Volume #1 Issue 5 December 1987
I have in previous issues of the JCGD referred to process intensity ; I propose in this essay to describe this most useful concept.
Process intensity is the degree to which a program emphasizes processes instead of data. All programs use a mix of process and data. Process is reflected in algorithms equations, and branches. Data is reflected in data tables, images, sounds, and text. A process-intensive program spends a lot of time crunching numbers; a data-intensive program spends a lot of time moving bytes around.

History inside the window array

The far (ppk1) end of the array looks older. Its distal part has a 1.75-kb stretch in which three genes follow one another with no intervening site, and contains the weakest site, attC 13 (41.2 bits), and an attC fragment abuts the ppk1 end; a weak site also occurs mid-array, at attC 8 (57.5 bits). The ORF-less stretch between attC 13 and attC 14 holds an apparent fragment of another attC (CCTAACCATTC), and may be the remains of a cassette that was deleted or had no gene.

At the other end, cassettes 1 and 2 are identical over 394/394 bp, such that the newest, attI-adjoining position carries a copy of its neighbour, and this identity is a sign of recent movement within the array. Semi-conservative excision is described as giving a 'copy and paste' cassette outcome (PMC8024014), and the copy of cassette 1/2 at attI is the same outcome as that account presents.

The difference between process and data is profound. Process is abstract where data is tangible. Data is direct, where process is indirect. The difference between data and process is the difference between numbers and equations, between facts and principles, between events and forces, between knowledge and ideas.
Processing data is the very essence of what a computer does. There are many technologies that can store data: magnetic tape, punched cards, punched tape, paper and ink, microfilm, microfiche, and optical disk, to name just a few. But there is only one technology that can process data: the computer. This is its single source of superiority over the other technologies. Using the computer in a data-intensive mode wastes its greatest strength.